Author(s): Park S, Lee J, Yeom CH
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Abstract The pro-oxidant effect of L-ascorbic acid (LAA) is toxic to leukemia cells. LAA induces the oxidation of glutathione to its oxidized form (GSSG) and this is followed by a concentration-dependent H(2)O(2) accumulation, which occurs in parallel to the induction of apoptosis. To identify early protein targets of LAA in leukemia cells, we used a differential proteomics approach in NB4 human leukemia cells treated with 0.5 mM of LAA for 30 min. This exposure was determined to efficiently block cellular proliferation and to activate oxidative stress-inducible apoptosis. We identified nine proteins that sensitively reacted to LAA treatment by using two-dimensional (2-D) gel electrophoresis and matrix-assisted laser desorption ionization time-of-flight-MS. A subunit of protein-disulfide isomerase (a thiol/disulfide exchange catalyst) and immunoglobulin-heavy-chain binding protein (BiP, identical to Hsp70 chaperone) showed quantitative expression profile differences. A myeloid leukemia associated antigen protein (a tropomyosin isoform) showed changes in pI as a result of phosphorylation. Our studies demonstrate for the first time that the addition of LAA to cells results in an immediate change in the intracellular thiol/disulfide condition and that this includes an increase in the GSH oxidation with changes in the superfamily of thiol/disulfide exchange catalysts. These results suggest that LAA oxidizes intracellular reduced glutathione and modulates disulfide bond formation in proteins. (c) 2006 Wiley-Liss, Inc.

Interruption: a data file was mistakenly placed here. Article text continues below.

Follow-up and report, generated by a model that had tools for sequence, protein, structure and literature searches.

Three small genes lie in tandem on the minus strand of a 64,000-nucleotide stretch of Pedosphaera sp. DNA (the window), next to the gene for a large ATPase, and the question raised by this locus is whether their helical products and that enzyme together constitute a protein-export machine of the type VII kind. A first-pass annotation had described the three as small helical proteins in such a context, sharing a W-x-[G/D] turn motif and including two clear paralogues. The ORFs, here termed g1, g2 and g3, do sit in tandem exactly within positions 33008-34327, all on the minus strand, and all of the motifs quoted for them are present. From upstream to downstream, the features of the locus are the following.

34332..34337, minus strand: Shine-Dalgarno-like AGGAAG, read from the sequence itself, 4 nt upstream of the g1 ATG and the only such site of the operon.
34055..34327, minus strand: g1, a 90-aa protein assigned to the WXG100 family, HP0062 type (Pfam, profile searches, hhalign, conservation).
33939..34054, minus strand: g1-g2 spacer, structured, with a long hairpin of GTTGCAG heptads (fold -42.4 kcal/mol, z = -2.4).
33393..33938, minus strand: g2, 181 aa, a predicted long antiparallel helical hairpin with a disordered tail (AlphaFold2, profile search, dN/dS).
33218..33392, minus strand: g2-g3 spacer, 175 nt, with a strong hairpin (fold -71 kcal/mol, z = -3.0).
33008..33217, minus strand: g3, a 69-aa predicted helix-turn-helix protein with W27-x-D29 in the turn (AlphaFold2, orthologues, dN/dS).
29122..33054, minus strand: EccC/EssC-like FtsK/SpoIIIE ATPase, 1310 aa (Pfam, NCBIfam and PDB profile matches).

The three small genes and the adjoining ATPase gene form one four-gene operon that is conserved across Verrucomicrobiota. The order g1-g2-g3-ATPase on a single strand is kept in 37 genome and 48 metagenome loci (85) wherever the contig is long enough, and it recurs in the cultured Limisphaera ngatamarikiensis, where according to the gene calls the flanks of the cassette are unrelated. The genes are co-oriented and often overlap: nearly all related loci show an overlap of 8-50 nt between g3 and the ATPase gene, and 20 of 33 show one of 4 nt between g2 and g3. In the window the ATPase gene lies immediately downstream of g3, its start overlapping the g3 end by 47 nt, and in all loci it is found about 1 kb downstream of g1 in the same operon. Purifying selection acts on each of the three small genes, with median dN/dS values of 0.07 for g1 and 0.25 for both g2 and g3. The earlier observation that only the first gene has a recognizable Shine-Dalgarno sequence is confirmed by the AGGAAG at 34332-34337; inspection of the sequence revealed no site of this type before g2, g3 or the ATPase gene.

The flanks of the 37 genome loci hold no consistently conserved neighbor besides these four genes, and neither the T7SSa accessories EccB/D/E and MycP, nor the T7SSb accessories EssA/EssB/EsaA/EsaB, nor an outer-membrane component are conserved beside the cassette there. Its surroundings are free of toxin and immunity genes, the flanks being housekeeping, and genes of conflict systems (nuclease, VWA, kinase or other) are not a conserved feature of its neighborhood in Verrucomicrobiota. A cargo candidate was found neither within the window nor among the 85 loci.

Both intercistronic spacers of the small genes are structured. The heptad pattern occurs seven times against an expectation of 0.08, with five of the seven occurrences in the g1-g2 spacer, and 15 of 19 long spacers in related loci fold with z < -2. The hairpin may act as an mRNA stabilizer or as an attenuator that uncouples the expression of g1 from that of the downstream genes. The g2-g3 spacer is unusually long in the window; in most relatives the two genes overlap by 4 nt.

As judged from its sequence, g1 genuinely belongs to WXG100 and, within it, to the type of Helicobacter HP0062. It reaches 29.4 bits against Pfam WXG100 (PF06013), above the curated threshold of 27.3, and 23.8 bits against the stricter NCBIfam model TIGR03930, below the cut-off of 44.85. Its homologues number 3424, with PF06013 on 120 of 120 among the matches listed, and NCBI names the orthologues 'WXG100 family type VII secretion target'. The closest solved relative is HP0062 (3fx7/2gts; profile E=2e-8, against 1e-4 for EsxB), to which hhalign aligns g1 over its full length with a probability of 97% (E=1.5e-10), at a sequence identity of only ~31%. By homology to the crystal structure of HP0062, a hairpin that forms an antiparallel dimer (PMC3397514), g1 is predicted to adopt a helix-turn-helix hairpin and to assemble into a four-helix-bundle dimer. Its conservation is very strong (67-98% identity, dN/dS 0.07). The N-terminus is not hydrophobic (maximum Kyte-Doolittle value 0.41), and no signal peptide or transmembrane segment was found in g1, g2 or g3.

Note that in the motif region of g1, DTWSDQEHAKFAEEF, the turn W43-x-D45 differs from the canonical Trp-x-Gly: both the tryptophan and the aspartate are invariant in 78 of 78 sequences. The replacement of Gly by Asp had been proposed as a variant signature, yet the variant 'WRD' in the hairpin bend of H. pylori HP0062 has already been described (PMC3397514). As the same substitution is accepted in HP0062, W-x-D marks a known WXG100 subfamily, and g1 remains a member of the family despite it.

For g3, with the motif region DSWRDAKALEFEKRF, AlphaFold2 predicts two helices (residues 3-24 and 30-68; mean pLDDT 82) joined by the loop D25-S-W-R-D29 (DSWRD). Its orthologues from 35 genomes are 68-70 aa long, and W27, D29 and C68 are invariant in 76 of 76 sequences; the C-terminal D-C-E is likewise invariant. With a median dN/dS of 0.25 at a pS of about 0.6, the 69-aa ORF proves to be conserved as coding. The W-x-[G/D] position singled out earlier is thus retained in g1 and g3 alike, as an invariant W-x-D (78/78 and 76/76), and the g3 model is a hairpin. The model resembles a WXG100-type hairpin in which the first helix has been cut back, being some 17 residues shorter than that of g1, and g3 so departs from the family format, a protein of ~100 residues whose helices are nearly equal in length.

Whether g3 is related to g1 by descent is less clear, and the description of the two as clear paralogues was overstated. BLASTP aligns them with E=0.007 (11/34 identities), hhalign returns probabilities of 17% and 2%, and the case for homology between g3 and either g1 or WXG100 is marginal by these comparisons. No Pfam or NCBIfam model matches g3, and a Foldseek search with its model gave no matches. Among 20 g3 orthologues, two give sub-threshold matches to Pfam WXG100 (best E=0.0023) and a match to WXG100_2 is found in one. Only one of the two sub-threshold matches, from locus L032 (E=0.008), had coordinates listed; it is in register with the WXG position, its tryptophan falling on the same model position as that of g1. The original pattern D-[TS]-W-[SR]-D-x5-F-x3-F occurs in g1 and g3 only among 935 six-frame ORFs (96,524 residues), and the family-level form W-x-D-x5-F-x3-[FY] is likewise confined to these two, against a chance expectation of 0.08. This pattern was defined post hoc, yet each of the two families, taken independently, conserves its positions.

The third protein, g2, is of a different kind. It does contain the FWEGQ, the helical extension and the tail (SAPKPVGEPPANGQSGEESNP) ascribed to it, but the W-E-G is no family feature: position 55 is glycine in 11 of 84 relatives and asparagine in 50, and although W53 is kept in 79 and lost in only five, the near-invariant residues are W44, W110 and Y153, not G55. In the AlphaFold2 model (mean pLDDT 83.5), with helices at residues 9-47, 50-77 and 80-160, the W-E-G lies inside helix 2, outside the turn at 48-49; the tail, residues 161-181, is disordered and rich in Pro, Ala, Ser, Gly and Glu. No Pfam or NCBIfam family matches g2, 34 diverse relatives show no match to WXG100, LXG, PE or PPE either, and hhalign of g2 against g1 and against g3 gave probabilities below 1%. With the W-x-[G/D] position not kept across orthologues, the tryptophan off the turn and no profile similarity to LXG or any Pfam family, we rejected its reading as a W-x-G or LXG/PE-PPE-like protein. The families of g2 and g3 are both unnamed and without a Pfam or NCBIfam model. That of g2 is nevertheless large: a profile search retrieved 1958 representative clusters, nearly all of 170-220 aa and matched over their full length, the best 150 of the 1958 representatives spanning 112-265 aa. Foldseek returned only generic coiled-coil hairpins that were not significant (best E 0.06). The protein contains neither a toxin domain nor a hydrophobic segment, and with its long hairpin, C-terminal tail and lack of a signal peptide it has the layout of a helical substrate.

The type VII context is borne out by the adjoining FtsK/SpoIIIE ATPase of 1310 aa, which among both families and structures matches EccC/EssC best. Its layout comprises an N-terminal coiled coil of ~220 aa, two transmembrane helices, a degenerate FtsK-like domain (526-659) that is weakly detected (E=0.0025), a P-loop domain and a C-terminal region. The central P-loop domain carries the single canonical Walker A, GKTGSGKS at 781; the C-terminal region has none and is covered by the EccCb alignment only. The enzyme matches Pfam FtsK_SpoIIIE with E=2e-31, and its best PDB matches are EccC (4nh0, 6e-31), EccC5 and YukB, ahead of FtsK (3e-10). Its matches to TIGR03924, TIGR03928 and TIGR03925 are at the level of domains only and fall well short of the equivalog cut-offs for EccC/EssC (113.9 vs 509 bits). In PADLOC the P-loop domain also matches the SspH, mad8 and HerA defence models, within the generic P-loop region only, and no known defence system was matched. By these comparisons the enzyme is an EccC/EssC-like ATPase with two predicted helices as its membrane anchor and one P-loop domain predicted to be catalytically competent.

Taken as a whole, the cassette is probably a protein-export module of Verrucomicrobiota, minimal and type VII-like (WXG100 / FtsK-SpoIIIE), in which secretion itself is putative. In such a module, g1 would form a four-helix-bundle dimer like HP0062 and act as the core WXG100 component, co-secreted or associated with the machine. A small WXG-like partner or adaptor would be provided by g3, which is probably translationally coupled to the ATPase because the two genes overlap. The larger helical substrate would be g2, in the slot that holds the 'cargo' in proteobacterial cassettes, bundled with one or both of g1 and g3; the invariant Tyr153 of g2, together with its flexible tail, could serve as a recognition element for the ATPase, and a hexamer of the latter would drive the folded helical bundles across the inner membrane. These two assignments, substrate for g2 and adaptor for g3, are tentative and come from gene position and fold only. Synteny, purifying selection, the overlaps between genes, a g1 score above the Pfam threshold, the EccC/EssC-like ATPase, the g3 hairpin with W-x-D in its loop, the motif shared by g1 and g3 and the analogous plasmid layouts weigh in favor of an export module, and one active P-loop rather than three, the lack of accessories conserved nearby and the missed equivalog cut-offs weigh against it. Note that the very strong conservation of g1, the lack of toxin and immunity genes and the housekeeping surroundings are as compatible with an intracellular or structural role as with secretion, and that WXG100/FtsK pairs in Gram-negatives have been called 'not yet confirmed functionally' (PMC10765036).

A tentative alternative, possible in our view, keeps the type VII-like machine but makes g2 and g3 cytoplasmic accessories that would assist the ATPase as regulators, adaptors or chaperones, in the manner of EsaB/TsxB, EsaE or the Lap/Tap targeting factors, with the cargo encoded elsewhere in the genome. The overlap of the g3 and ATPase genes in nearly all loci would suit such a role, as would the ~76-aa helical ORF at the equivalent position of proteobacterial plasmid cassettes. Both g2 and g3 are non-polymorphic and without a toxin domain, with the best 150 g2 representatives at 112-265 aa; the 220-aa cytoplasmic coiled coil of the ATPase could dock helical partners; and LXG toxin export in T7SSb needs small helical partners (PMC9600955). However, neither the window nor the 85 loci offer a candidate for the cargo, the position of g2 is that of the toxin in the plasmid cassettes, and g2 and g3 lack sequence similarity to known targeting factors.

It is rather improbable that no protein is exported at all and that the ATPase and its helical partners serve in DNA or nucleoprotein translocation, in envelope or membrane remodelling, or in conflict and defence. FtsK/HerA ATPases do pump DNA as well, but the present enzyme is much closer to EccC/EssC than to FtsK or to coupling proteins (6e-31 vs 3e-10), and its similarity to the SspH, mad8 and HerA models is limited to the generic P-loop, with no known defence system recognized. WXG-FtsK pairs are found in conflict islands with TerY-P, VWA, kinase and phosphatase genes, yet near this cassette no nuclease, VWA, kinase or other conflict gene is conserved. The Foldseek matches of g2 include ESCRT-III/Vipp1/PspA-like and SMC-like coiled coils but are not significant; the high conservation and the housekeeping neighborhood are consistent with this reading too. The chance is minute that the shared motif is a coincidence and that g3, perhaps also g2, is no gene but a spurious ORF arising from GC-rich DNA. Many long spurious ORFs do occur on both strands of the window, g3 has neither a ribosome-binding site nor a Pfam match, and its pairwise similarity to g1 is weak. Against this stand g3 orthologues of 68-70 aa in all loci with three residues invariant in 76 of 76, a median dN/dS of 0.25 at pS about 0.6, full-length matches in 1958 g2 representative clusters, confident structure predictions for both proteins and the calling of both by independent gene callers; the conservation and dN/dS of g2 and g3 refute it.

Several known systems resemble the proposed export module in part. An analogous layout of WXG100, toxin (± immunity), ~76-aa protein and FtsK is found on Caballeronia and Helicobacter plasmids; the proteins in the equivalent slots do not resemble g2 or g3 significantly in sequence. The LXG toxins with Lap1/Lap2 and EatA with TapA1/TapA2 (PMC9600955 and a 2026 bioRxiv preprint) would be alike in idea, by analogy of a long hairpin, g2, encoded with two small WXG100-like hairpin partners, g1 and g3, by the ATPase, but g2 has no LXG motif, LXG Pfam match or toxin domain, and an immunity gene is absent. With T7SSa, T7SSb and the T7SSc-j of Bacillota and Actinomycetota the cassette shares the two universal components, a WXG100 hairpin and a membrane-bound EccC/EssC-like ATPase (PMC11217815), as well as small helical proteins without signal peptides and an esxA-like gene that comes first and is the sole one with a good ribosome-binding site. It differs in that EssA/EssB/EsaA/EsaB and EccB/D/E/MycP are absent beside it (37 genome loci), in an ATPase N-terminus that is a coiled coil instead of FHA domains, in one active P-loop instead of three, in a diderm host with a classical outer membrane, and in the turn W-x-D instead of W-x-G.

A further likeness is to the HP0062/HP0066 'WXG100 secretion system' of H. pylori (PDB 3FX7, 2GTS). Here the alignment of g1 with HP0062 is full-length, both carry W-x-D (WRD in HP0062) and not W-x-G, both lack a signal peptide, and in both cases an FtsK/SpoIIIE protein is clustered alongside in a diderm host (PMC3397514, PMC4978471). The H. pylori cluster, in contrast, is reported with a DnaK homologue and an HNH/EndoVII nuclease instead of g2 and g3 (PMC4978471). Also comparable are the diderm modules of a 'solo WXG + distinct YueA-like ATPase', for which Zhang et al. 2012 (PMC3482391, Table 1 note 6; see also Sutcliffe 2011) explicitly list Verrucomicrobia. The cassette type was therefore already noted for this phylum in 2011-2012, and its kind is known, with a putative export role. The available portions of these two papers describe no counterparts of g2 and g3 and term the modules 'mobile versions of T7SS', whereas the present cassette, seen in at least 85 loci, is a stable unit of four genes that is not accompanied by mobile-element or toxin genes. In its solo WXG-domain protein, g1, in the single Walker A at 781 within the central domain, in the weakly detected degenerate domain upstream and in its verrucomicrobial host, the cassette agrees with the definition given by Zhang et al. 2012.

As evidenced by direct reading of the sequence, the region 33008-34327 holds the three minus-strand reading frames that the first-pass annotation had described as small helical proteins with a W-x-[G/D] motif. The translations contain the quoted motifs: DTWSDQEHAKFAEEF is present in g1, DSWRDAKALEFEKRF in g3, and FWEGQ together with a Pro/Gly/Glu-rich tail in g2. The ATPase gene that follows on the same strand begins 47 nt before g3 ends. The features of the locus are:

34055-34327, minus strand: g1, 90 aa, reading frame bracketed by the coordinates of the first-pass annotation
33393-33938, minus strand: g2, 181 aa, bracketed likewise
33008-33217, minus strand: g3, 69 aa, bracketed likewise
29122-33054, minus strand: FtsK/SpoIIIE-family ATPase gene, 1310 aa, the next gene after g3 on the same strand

This article was published in J Cell Biochem
and referenced in Journal of Nutrition & Food Sciences